Individuals with Dementia Benefit From Learning Something New

Individuals with Dementia Benefit From Learning Something New

By Shari Flight

A question often asked by the caregivers of a person living with dementia is “how can I help my loved one’s dementia from progressing?” Unfortunately, disease causing dementias are progressive and the person living with it will continue to decline both cognitively and physically over time. The rate of progression is different for everyone, though, and this is where the person living with dementia can have a bit more control over the rate of their progression.

It is so important for all of us to live a healthy lifestyle, but it is even more important for the person living with dementia. Choosing a healthy diet such as the Mediterranean diet, engaging in social activities or gatherings, exercising both cognitively and physically a few time a week, and learning something new have all been proven to reduce the risk of dementia or slow the progression.

At The Cordwainer, the main goal of our Memory Care Assisted Living Community is to give our residents an environment that not only provides comfort and support for those living with dementia but also engages residents to live life with purpose and fulfillment. With this goal in mind, we have created our unique dementia therapies program The Learned Environment℠. This program provides our residents with the opportunity to participate in regularly scheduled classes focused on keeping their brain stimulated with the introduction of past and new experiences focused on music, art, and foreign language. We believe that it is never too late to experience the joy of learning.

A 2014 report by NPR highlighted a study completed through the University of Texas at Dallas. In this study, 200 older adults were randomly assigned to different activities for three months. Throughout the three months, the older adults underwent memory testing to allow researchers to gauge the cognitive benefits of the skills that were being learned. At the end of the study, and even a year after the study’s completion, researchers were able to report that those who were in the group that learned something new had an improvement in their memory. Learning these new skills strengthens the connections between parts of your brain. Partaking in challenging activities can strengthen entire networks in the brain, according to this report.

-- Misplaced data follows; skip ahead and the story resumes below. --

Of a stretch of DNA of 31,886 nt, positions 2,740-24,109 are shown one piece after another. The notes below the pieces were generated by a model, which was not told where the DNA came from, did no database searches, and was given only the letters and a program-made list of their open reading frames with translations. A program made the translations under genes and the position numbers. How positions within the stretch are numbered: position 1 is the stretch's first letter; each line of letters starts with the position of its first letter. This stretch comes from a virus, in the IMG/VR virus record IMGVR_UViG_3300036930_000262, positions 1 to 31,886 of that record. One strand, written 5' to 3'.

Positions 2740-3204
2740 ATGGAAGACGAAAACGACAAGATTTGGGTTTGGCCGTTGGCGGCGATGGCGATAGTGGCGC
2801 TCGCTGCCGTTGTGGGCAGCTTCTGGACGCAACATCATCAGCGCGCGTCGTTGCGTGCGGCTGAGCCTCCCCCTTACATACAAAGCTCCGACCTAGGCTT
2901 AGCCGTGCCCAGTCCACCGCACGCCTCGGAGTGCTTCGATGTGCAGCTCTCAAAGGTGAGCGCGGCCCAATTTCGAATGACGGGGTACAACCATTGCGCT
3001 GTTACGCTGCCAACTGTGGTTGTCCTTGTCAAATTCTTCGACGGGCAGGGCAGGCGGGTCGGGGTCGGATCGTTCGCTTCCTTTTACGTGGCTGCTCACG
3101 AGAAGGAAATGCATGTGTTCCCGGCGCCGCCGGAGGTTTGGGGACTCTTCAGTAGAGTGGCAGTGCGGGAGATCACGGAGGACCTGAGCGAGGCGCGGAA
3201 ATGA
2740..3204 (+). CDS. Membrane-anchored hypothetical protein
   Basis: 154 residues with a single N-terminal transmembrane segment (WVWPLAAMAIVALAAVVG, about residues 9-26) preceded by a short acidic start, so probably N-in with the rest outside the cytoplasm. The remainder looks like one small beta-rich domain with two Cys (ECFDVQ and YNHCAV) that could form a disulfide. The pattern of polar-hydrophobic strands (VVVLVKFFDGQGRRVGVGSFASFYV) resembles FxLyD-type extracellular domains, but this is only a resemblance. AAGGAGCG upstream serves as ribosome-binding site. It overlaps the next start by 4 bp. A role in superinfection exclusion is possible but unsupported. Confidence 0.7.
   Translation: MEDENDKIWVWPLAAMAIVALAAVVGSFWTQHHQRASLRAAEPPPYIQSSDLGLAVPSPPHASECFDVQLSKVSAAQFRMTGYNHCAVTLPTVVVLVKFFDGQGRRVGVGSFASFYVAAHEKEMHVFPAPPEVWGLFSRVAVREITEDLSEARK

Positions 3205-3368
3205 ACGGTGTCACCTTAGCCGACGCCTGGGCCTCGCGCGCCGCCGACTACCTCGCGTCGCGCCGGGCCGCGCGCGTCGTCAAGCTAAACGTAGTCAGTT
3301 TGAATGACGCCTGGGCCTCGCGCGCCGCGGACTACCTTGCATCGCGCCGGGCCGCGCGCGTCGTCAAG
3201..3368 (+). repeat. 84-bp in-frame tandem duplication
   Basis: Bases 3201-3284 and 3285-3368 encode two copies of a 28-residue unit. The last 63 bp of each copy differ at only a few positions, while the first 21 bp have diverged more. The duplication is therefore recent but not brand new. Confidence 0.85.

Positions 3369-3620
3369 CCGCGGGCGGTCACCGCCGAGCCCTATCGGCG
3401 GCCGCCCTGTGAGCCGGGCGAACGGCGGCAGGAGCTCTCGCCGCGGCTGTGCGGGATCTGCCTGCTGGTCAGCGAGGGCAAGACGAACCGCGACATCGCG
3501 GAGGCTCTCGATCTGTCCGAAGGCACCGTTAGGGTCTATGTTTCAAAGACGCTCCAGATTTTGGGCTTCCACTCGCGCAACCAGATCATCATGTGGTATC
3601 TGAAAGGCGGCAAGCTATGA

The Cordwainer is passionate about taking nonpharmacological approaches to dementia care. Each of our programs will be tailored to meet the resident where they are at in their dementia journey by focusing on what they still can do. This will allow them to stay as independent as possible and engage in programs that they and their loved ones would have never thought possible.

Shari Flight is The Cordwainer’s Director of Community Relations. She facilitates The Cordwainer memory care support group each month.

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